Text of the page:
Missing Letters - freeCodeCamp using Modern JavaScript #9

There are many ways to solve this challenge. Obvious helpers are JavaScript's built-in methods to convert between strings and Unicode values, String.fromCharCode() and charCodeAt().

Notice that freeCodeCamp doesn't ask for all missing letters from a sequence, but only one, presumably the first one. So for example, the string 'az' should return just 'b', not all letters between.

This seems like an artificial limitation, and I think it's more instructive to write a function that gives us all missing letters. That's also, in my opinion, more akin to a situation you'd encounter in the real world. So let's write a function that returns all missing letters, and then from there it's trivial to just return the first one to fulfill freeCodeCamp's requirements.

Make an array of letters

The approach we'll take here is first make an array of the letters of the alphabet, in order. We can then compare it to our input string and return the difference.

There are a few ways to produce such an array in JavaScript. The one we'll use here is to first make an array of the correct length, i.e. 26 elements ...

const letters = [...Array(26)]

We know that the letters a-z that we're looking for have Unicode values from 97 to 122, so let's map over the array to fill it with those letters. The array elements have indexes from 0 to 25 (obviously), we'll add 97 to get the correct values and run it through String.fromCharCode().

const letters = [...Array(26)].map((e, i) => String.fromCharCode(i + 97));
// -> ['a','b','c','d','e','f','g','h','i','j','k','l','m','n','o','p','q','r','s','t','u','v','w','x','y','z']

Get a complete sequence

Next, let's slice our letters array in the right places to compare it with the input string. We'll use the first and last letter from the input string, string.charAt(0) and string.slice(-1) respectively as bounds.

Notice that we're using slice to get the last character of a string, that's just a handy little trick for convenience, you could also just say string.charAt(string.length - 1)

const first = letters.indexOf(string.charAt(0));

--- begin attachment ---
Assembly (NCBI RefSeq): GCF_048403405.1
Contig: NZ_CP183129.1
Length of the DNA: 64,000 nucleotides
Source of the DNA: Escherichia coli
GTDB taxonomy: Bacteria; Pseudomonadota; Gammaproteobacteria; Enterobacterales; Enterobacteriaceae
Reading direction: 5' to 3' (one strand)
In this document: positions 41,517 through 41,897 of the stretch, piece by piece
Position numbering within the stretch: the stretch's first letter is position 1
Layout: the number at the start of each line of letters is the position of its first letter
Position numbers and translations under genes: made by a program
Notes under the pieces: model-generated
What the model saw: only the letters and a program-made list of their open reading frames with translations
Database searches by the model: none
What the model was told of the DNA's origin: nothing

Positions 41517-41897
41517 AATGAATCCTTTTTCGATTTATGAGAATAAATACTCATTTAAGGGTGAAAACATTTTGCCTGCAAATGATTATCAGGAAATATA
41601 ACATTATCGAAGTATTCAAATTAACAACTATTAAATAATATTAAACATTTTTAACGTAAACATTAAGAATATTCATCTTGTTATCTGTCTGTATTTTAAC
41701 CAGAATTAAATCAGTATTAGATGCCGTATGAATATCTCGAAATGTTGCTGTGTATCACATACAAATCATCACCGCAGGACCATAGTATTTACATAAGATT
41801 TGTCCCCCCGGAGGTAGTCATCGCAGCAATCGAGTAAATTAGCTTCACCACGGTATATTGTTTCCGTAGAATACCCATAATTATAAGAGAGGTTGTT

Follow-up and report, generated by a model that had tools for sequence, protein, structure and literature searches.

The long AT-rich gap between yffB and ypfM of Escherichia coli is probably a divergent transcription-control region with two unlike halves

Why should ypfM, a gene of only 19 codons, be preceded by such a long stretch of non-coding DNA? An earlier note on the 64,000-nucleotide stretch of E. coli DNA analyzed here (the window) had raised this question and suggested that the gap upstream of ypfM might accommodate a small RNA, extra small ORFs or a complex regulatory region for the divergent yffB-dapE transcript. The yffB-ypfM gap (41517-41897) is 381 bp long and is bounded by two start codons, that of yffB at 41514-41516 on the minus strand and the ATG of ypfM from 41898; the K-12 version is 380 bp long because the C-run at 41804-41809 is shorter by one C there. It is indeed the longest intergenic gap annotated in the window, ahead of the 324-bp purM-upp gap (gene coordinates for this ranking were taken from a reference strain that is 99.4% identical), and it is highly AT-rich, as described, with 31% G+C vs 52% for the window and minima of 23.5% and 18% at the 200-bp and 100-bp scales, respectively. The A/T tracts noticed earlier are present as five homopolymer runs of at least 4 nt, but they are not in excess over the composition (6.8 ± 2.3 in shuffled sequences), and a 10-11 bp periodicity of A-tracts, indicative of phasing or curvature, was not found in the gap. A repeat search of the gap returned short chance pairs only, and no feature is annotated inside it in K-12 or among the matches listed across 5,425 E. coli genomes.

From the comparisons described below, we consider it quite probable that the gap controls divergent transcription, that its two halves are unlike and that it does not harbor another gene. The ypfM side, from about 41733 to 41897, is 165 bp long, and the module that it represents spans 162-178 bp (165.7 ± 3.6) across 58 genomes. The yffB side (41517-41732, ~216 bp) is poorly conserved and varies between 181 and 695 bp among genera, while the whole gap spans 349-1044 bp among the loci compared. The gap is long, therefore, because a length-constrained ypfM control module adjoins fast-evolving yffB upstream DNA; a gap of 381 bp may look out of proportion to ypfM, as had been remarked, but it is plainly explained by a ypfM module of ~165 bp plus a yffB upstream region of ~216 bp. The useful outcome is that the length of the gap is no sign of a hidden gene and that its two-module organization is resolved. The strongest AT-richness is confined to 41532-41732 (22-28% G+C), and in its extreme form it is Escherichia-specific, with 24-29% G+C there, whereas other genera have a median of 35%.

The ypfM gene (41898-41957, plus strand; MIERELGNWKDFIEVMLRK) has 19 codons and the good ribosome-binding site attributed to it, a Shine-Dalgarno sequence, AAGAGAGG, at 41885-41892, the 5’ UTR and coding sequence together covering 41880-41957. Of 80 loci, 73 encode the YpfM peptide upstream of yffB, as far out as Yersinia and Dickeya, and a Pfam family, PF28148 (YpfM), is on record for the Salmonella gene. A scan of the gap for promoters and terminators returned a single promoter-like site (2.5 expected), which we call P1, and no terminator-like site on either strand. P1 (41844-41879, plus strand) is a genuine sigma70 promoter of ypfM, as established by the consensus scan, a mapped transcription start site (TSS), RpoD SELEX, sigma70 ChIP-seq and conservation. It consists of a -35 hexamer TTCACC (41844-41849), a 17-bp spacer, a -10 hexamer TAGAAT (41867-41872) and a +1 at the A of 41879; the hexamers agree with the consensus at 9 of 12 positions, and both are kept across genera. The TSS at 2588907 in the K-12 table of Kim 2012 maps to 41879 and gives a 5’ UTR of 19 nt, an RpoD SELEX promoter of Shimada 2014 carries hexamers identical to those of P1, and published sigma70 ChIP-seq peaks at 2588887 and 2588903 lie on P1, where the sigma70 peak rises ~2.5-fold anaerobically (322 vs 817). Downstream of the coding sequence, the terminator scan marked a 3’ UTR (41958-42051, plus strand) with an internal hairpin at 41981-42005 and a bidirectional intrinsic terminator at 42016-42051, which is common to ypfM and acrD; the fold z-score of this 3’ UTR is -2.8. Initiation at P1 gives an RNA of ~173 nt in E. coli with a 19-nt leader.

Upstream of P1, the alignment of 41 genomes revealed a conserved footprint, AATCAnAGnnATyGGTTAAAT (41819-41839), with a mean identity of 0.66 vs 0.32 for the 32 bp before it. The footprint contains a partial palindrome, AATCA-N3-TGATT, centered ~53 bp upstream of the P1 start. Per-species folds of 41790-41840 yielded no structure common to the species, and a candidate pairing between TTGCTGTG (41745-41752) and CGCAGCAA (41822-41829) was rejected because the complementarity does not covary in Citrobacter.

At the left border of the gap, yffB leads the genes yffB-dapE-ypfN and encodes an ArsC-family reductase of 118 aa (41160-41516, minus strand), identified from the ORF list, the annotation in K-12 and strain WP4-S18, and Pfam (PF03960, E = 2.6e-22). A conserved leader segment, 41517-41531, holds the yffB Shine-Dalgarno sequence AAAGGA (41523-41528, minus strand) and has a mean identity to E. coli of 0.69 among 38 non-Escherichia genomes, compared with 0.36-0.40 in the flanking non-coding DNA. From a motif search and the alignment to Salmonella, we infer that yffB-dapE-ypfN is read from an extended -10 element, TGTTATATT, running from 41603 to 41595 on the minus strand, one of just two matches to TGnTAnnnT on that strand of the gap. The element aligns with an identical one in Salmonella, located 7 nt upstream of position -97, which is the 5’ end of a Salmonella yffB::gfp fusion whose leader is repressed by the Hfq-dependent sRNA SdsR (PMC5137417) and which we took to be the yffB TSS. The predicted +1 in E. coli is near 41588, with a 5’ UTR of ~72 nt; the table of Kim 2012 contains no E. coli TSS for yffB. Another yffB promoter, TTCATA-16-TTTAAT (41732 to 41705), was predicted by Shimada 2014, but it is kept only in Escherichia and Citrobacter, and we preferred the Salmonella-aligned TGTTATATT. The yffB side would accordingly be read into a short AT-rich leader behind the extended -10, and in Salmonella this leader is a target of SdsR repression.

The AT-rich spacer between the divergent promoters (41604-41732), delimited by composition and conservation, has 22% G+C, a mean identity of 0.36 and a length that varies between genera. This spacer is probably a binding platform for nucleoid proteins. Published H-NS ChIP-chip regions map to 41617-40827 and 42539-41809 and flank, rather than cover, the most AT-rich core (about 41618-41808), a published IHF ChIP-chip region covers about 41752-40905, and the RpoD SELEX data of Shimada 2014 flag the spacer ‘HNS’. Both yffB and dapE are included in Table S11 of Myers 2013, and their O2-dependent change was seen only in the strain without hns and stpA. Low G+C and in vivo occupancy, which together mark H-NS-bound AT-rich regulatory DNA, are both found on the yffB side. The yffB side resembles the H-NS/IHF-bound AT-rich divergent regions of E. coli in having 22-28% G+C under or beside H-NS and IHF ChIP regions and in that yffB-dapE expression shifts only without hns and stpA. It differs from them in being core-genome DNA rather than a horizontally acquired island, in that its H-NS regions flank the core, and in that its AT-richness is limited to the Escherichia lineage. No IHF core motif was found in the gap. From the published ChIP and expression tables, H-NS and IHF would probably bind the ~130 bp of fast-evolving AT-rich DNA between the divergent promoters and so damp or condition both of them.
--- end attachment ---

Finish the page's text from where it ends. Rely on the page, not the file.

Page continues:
const last = letters.indexOf(string.slice(-1));
const sequence = letters.slice(first, last + 1);

Putting it all together

Awesome. The last thing to do is check which letters in the sequence are not found in the input string. Those are the missing letters we are looking for.

To accomplish that we'll filter the array, using the includes method on string, which is part of ES6. Letters that are not included in the string are filtered out.

const fearNotLetter = (string) => {    
    const letters = [...Array(26)].map((e, i) => String.fromCharCode(i + 97));
    const first = letters.indexOf(string.charAt(0));
    const last = letters.indexOf(string.slice(-1));
    const sequence = letters.slice(first, last + 1);
    return sequence.filter(letter => !string.includes(letter));
}

Oh, but freeCodeCamp is only interested in the first missing letter:

const fearNotLetter = (string) => {    
    const letters = [...Array(26)].map((e, i) => String.fromCharCode(i + 97));
    const first = letters.indexOf(string.charAt(0));
    const last = letters.indexOf(string.slice(-1));
    const sequence = letters.slice(first, last + 1);
    const missingLetters = sequence.filter(letter => !string.includes(letter));
    return missingLetters[0];
}

And that's it. Obviously we didn't do for the easiest, fastest or most elegant solution here. The aim here is to show off some of modern JavaScript's declarative methods to manipulate data.

I hope you got something out of it and learned a thing or two. Whether you liked it or not, I'd be happy to hear any questions or comments via Twitter or Email 📬